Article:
Vaccine Incentives in the United States: An Ethical Dilemma
The United States’ COVID-19 vaccination campaign has slowed as the daily rate of doses administered has dropped from over 3 million a day to under 750,000. One of the main reasons for this trend has been vaccine hesitancy, as many Americans are either reluctant or unmotivated to get their shot. To combat vaccine hesitancy, state governments have established incentive programs to encourage individuals to get vaccinated. On the surface, incentive programs appear to be a creative and relatively harmless way to promote public health. Yet, when looking more closely at such programs it becomes apparent that they pose significant ethical questions and may actually be more harmful than helpful.
The use of vaccine incentives is not unique to the United States. Globally, companies and governments alike have offered vaccinated individuals everything from free concerts to ice cream to tax rebates. Several countries have also used disincentives, like Indonesia’s announcement of fines for anyone who refused vaccination.
In the United States, state governments have devised a variety of incentive programs. California and Ohio both announced that a raffle that entered vaccinated people for a prize worth upwards of $1 million USD. In Maryland, the state offers $100 USD to any state employee who gets their vaccine. Maine, meanwhile, is offering hunting licences and New Jersey: a free beer. In West Virginia, those vaccinated can enter a raffle from which they can win various prizes, including $1.58 million USD, a college scholarship, a new truck, or a hunting rifle.
The ethics of vaccines and incentives
The ethics surrounding vaccines involve a complicated interaction between the moral responsibilities of the individual citizen and the state. Under social contract theory, which serves as the fundamental basis of the United States government, individuals forfeit some of their autonomy in exchange for state protection. For example, as a citizen yields their freedom to steal, the government becomes responsible for protecting that individual from theft.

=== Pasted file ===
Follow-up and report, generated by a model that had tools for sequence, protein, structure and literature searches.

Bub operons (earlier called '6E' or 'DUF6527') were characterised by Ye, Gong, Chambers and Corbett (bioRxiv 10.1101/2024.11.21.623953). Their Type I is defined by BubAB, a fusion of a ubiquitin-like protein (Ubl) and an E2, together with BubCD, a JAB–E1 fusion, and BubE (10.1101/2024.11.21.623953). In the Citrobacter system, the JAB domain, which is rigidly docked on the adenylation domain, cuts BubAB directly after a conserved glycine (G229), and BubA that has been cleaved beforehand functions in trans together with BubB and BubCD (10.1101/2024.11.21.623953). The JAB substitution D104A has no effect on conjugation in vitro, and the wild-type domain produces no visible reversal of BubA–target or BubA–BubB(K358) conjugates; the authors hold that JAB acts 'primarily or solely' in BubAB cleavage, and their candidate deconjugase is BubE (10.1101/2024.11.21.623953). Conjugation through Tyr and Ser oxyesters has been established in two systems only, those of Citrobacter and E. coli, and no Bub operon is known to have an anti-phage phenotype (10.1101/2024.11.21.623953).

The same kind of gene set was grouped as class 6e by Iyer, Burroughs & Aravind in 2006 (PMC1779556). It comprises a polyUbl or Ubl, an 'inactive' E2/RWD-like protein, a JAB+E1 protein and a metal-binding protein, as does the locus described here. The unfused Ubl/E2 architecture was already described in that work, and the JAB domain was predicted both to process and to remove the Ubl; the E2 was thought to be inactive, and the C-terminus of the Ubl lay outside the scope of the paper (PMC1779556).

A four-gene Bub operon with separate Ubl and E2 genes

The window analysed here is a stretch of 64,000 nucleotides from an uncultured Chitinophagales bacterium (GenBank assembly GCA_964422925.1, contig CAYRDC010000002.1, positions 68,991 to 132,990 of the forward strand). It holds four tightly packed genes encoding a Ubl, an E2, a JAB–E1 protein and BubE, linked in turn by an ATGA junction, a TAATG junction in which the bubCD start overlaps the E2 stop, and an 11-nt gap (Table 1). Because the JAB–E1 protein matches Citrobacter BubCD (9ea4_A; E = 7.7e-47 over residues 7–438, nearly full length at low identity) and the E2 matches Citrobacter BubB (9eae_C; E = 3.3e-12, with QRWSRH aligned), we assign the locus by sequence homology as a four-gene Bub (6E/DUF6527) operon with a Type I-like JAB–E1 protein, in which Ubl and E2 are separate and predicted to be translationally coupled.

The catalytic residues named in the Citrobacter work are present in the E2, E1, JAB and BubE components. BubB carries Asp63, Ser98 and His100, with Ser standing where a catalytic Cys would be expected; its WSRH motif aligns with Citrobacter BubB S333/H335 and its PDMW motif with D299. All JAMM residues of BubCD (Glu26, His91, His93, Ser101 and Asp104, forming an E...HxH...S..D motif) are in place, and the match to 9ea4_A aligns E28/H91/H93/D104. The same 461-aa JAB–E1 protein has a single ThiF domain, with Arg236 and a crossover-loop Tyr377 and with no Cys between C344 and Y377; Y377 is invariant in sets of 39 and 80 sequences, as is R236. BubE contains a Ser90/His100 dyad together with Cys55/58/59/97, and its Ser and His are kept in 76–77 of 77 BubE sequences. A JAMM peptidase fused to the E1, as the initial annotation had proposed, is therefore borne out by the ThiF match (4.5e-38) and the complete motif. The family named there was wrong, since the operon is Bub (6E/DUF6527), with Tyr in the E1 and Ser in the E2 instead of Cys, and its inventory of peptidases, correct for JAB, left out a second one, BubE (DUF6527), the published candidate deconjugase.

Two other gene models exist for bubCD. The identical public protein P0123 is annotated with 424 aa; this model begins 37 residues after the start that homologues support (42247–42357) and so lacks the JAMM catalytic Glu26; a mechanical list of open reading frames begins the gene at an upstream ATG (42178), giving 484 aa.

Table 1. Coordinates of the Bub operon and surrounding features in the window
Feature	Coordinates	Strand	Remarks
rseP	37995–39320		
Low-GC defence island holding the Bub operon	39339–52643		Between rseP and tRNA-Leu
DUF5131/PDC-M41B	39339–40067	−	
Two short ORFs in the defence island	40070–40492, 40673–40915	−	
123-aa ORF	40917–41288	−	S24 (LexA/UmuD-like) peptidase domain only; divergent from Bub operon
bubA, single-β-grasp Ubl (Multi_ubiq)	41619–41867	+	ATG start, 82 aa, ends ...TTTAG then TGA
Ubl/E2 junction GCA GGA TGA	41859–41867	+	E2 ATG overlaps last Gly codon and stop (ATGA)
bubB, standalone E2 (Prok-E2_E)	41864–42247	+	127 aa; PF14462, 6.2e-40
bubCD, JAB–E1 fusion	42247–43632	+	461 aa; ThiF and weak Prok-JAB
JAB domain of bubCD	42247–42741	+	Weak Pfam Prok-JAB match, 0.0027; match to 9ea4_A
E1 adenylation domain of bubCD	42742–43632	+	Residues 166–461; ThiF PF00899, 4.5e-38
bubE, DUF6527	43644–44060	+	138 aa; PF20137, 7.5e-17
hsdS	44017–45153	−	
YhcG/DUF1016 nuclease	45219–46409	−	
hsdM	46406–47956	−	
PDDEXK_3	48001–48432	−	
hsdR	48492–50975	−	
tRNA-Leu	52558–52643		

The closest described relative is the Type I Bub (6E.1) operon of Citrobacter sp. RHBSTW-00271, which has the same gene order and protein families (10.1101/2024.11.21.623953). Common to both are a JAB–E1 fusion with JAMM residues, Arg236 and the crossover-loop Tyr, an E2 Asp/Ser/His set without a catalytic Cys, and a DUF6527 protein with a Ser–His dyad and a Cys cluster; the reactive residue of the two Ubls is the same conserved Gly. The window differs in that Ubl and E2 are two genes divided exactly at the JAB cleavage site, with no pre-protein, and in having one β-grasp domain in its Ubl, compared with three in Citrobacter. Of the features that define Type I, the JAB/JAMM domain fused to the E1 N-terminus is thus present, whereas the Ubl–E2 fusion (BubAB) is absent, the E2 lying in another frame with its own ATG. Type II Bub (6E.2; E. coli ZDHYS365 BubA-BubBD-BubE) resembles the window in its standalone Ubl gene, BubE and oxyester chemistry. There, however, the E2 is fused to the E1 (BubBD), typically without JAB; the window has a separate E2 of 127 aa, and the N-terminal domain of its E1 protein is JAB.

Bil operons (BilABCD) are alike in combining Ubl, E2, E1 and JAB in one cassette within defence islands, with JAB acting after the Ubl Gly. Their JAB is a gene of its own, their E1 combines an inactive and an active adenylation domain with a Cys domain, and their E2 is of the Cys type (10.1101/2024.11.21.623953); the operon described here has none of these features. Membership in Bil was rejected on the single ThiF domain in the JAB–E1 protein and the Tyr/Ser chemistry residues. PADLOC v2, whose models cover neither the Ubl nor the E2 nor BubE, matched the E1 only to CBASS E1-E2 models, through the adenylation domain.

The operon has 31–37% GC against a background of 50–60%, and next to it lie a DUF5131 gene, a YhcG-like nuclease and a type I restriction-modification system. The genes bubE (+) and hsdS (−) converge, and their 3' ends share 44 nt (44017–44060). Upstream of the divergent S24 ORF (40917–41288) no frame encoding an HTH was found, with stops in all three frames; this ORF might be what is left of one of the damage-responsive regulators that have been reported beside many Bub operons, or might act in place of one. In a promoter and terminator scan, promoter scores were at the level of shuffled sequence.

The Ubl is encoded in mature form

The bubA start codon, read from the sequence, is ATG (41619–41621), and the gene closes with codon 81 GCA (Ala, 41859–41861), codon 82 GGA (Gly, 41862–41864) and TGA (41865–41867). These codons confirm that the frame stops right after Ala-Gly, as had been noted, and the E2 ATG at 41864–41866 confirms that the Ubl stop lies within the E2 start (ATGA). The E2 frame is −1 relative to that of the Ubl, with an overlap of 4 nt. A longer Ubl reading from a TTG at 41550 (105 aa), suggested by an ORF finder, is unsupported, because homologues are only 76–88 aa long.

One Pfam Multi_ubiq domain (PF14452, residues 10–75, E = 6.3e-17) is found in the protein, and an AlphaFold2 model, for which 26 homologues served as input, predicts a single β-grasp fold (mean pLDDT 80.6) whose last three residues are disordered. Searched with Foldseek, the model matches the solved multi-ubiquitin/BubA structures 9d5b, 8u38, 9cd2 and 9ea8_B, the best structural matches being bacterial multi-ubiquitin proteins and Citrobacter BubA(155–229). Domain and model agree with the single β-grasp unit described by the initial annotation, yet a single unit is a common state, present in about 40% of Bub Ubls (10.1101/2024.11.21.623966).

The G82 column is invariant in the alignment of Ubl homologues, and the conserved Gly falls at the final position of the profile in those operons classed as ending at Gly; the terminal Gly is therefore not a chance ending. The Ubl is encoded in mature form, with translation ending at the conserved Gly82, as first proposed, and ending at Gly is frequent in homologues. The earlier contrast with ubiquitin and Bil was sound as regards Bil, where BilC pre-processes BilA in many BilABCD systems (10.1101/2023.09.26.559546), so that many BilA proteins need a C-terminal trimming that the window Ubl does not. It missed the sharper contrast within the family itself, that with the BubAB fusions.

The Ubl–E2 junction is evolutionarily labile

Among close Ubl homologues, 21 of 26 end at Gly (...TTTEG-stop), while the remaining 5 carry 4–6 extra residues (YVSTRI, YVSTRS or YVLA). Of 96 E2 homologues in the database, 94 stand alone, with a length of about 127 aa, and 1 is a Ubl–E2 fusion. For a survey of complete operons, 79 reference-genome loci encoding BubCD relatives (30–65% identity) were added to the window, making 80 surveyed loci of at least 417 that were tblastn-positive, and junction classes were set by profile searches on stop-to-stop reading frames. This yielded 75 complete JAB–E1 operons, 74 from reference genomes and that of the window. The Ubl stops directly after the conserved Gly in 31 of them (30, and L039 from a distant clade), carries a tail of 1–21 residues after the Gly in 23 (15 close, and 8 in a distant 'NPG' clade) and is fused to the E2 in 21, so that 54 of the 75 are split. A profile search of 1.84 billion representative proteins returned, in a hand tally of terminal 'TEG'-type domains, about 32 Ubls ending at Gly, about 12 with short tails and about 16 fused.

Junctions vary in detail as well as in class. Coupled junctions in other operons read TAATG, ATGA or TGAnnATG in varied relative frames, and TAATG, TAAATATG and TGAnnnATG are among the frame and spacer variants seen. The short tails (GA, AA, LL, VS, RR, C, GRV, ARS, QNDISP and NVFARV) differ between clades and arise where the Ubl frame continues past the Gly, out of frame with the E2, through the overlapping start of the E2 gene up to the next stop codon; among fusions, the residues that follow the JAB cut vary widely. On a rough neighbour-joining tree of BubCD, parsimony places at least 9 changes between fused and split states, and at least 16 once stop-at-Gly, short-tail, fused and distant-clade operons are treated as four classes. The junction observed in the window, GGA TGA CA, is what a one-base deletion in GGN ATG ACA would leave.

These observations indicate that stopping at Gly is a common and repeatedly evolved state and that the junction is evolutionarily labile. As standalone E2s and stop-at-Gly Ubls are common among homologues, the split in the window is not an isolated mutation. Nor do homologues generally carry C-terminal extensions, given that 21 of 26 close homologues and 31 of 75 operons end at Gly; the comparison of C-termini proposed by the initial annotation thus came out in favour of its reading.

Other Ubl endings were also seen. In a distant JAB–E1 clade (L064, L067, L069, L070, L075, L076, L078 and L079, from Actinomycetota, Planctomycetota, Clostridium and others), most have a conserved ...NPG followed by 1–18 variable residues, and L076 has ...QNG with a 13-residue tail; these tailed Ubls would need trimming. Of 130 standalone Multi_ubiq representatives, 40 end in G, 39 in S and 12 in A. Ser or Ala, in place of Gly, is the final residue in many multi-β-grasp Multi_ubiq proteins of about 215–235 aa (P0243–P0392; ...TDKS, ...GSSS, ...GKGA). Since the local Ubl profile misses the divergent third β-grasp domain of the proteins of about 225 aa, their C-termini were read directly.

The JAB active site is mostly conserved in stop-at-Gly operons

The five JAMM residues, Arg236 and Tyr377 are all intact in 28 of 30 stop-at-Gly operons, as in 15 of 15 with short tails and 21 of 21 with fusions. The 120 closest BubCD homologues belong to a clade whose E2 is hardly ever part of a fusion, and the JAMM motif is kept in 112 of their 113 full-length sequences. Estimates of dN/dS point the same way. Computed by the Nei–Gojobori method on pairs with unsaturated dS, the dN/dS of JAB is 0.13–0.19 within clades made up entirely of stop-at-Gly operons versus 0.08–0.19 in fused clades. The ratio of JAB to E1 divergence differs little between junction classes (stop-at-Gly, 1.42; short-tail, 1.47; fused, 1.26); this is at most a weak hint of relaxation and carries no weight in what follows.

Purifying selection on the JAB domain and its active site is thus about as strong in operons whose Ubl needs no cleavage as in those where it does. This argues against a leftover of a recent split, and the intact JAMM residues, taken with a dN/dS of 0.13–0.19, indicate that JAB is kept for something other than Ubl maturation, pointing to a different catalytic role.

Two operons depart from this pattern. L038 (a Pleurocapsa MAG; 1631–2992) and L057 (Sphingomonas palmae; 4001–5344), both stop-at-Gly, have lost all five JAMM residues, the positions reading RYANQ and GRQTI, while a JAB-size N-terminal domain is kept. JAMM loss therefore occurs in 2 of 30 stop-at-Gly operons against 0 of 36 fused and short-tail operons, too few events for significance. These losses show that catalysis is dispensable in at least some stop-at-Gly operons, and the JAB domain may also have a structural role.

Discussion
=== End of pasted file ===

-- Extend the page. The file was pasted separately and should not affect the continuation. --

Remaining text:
How vaccines fit into the concept of the social contract is complicated. On one hand, herd immunity is considered a public good to which all individuals have a right. On the other hand, the state also has a responsibility to protect individuals’ autonomy over their health and bodies. To protect both of these rights, the American medical establishment follows a policy known as the “principle of least restrictive alternative.” This policy promotes and encourages vaccination without restricting individuals’ autonomy by making vaccines readily available but not mandatory. Its goal is to achieve herd immunity using the least coercive means possible, meaning this policy is contingent on the fact that any “nudge” towards vaccination cannot limit social or economic freedoms. Following this logic, some argue that large incentives, or incentives that are necessary for an individual’s well-being, are inherently unethical, especially if there are other means of achieving herd immunity.
African Americans and vaccine incentives
African-American communities have felt the medical and economic impacts of COVID-19 disproportionately relative to their non-Black counterparts. The wealth gap and education disparities create conditions in which African Americans, on average, are especially vulnerable to the economic and health implications of a pandemic. As unemployment skyrocketed in April 2020, the rate of unemployed Black men was four percent higher than that of white men. Furthermore, Black people were disproportionately employed in “front-line” jobs, in which they had an increased risk of contact with the disease. African Americans subsequently represented 22 percent of all COVID-19 deaths in America, despite only composing 12 percent of the total population.